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Clementine Hunter’s Story to be Presented at Banquet

Posted on November 3, 2012

Originally published in the El Dorado News-Times on November 4, 2012.

By: Janice McIntyre

Tom Whitehead, a retired journalism professor from Northwestern State University in Louisiana, will lecture on the "Story of Clementine Hunter, Her Plantation Life and Her Historical Primitive Art,? during the South Arkansas Historical Foundation?s Keeping History Alive Banquet at 6:30 p.m. on Nov. 13 at the El Dorado Golf and Country Club.

Whitehead co-wrote a book, along with Art Shiver, about Hunter, who was born in 1887 and died in 1988 and "painted every day from the 1930s until a few days before her death at the age of 101.?

He will focus on recognizing a forged Clementine Hunter painting from one of her authentic works of art.

 As a cook and domestic servant at Louisiana?s Melrose Plantation, Hunter painted on hundreds of objects available around her ? glass snuff bottles, discarded roofing shingles, ironing boards ? as well as on canvas, according to information on a website about Hunter.

She produced between 5,000 and 10,000 paintings, including her most ambitious work, the African House Murals. Her paintings of cotton planting and harvesting, wash days, weddings, baptisms, funerals, Saturday night revelry and zinnias depict her experiences of everyday plantation life along the Cane River.

More than a personal record of Hunter?s life, her work also reflects the social, material, and cultural aspects of the area?s larger African American community.

Drawing on archival research, interviews, personal files and a close relationship with the artist, Shiver and Whitehead offer the first comprehensive biography of this self-taught regional painter, who attracted the attention of the world, according to information about the book on the internet.

Shiver and Whitehead trace Hunter?s childhood, her encounters at Melrose with artists and writers, such as Alberta Kinsey and Lyle Saxon, and the role played by eccentric plantation historian Fran?ois Mignon, who encouraged and promoted her art and supplied her with paint and materials. The authors include rare paintings and photographs to illustrate Hunter?s creative process and discuss the evolution of her style.

Hunter was born on a plantation said to be the inspiration for "Uncle Tom's Cabin,? where she worked as a farm hand, never learning to read or write, according to Wikipedia. When she began painting, she used brushes and paints left by an artist who visited Melrose Plantation.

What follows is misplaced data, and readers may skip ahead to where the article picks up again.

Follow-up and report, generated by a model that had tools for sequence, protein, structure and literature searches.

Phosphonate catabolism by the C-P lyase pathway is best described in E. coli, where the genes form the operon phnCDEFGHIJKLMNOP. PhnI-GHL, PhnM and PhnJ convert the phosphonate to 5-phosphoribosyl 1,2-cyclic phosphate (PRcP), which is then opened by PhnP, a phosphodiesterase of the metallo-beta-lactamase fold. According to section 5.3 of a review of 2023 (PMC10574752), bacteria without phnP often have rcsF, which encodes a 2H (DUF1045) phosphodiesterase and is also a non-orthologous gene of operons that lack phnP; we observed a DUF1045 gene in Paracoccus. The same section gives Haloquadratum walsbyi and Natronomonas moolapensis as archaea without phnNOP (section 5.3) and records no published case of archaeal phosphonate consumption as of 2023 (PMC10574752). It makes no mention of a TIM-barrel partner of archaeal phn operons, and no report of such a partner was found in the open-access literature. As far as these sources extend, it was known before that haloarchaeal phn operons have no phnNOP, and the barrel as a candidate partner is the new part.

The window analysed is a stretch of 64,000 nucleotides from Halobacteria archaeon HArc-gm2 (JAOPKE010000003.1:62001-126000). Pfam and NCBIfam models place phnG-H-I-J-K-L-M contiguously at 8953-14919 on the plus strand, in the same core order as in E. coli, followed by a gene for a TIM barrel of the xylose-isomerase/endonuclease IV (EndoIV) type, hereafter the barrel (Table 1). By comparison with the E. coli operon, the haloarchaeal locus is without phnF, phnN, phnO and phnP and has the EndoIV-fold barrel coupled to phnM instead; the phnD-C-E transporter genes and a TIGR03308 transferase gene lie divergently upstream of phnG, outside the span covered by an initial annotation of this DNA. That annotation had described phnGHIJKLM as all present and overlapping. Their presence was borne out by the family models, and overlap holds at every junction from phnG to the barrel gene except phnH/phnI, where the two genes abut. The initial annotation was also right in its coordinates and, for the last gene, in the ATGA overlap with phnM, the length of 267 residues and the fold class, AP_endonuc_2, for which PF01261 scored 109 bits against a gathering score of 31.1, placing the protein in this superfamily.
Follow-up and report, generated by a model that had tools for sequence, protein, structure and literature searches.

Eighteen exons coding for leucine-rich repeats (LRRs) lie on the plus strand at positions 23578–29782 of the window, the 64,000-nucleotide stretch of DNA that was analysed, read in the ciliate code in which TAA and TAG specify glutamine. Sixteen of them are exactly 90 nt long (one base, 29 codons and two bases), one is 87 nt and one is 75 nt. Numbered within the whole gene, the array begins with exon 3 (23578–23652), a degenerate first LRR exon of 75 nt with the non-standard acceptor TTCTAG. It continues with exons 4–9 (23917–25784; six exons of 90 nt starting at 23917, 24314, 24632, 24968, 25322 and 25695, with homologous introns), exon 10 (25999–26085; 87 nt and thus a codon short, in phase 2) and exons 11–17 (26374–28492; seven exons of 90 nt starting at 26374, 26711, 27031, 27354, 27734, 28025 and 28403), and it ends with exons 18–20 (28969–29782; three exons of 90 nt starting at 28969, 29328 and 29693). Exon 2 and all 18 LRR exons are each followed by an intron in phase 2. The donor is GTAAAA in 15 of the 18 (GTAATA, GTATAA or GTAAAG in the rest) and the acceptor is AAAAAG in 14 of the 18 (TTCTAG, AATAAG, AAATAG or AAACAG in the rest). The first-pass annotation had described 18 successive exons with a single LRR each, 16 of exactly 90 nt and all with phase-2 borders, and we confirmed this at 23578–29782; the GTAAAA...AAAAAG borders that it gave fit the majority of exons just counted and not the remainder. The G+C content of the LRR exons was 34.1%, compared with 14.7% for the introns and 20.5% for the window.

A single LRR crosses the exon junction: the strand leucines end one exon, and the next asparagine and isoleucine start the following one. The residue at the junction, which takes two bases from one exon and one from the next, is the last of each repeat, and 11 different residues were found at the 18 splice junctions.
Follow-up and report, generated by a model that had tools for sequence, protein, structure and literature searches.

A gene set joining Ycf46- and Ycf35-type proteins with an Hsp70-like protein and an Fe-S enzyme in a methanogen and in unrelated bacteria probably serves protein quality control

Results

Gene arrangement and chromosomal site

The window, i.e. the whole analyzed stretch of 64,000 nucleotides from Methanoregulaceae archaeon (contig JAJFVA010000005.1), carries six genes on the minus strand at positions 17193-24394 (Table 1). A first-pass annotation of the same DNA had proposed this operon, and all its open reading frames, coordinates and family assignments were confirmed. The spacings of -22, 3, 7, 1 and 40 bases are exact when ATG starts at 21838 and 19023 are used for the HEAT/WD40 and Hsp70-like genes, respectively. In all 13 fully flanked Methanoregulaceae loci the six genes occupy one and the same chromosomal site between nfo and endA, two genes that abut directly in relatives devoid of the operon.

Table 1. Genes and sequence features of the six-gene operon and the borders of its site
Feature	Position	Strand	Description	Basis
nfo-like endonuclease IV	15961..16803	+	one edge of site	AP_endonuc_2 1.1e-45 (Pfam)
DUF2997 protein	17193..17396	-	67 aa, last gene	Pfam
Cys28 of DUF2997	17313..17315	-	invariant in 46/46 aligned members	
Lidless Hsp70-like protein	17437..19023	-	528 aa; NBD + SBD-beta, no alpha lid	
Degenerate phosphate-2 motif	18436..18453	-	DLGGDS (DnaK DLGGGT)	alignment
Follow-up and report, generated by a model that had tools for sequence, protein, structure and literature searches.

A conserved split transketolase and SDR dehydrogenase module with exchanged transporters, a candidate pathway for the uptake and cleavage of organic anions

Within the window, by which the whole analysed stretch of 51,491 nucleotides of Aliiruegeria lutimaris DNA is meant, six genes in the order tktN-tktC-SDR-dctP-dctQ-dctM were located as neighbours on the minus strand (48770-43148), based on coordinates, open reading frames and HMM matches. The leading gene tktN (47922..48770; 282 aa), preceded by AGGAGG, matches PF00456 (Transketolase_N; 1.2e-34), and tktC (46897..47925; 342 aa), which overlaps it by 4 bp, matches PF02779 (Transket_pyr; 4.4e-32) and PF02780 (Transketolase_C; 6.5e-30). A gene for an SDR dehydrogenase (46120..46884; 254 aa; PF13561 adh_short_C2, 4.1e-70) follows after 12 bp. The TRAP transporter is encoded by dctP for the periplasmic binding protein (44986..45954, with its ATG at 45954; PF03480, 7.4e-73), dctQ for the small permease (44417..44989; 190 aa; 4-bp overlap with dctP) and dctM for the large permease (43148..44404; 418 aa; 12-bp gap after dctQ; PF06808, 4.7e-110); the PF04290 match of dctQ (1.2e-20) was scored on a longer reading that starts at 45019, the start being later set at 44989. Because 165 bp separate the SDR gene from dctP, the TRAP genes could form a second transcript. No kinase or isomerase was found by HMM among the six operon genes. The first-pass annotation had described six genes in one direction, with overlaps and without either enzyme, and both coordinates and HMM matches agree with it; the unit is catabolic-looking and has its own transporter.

She first sold her paintings for as little as 25 cents and by the end of her life, her work was being exhibited in museums and sold by dealers for thousands of dollars. Hunter was granted an honorary doctor of fine arts degree by NSU in 1986.

Hunter was the granddaughter of a slave, the eldest of seven children born to Creole parents at Hidden Hill Plantation, near Cloutierville in Natchitoches Parish, La. Hunter's given name was originally Clemence, but she changed it after moving to Melrose Plantation.

Melrose Plantation became a mecca for the arts under the guidance of its owner, Cammie Henry. Numerous artists and writers visited, including Saxon, Roark Bradford, Alexander Woollcott, Rose Franken, Gwen Bristow and Richard Avedon. Brushes and discarded tubes of paint left by New Orleans artist Kinsey after a 1939 visit to Melrose Plantation, were used by Hunter to "mark a picture" on a window shade, beginning her career as an artist.

With Mignon's help, Hunter's paintings were displayed in the local drugstore, where they were sold for one dollar. In her later years, Hunter co-authored "Melrose Plantation Cookbook" with Mignon.

On the outside of the unpainted cabin where she lived was a sign that read, "Clementine Hunter, Artist. 25 cents to Look." One of the more well-known displays of Hunter's artwork is located in a food storage building called "African House" on the grounds of Melrose Plantation. The walls are covered in a mural Hunter painted in 1955, depicting scenes of Cane River plantation life.

Hunter was noted for painting on anything, particularly discarded items such as window shades, jugs, bottles, gourds and cardboard boxes. Her paintings rarely run larger than 18 by 24 inches and her work has generally been considered uneven, with her work from the 1940s to 1960 considered to be the best.

She was the first African-American artist to have a solo exhibition at the Delgado Museum (now the New Orleans Museum of Art) and achieved a significant amount of success during her lifetime, including an invitation to the White House from U.S. President Jimmy Carter and letters from both President Ronald Reagan and Senator J. Bennett Johnston of Louisiana.

Radcliffe College included Hunter in its "Black Women Oral History Project,? published in 1980 and former Louisiana Governor Edwin Edwards made her an honorary colonel and aide-de-camp.

Whitehead is a retired journalism professor, a native of Baton Rouge and graduated from NSU in 1967. At Boston University, he earned a master?s degree in public relations and communications. In 1969, he returned to NSU to teach. He retired in 1999, but remains a consultant on special projects to the university president.

Whitehead met Hunter in 1966, when he was an undergraduate at NSU. He was invited by the supervisor of his student job to accompany her to Melrose Plantation. That visit changed his life.

Also during the Nov. 13 banquet, the John Abbott Award will be presented and this year?s recipients will be Laverne and George Breazeal for their preservation efforts with the W. H. Nash Home.

For more information about the banquet or to purchase tickets, contact Stefani O?Donohoe at the SAHF office to reserve a seat at the banquet. The SAHF office number is (870) 862-9890 and her email is Tickets are $100 per person and there will be tables of eight available with open seating.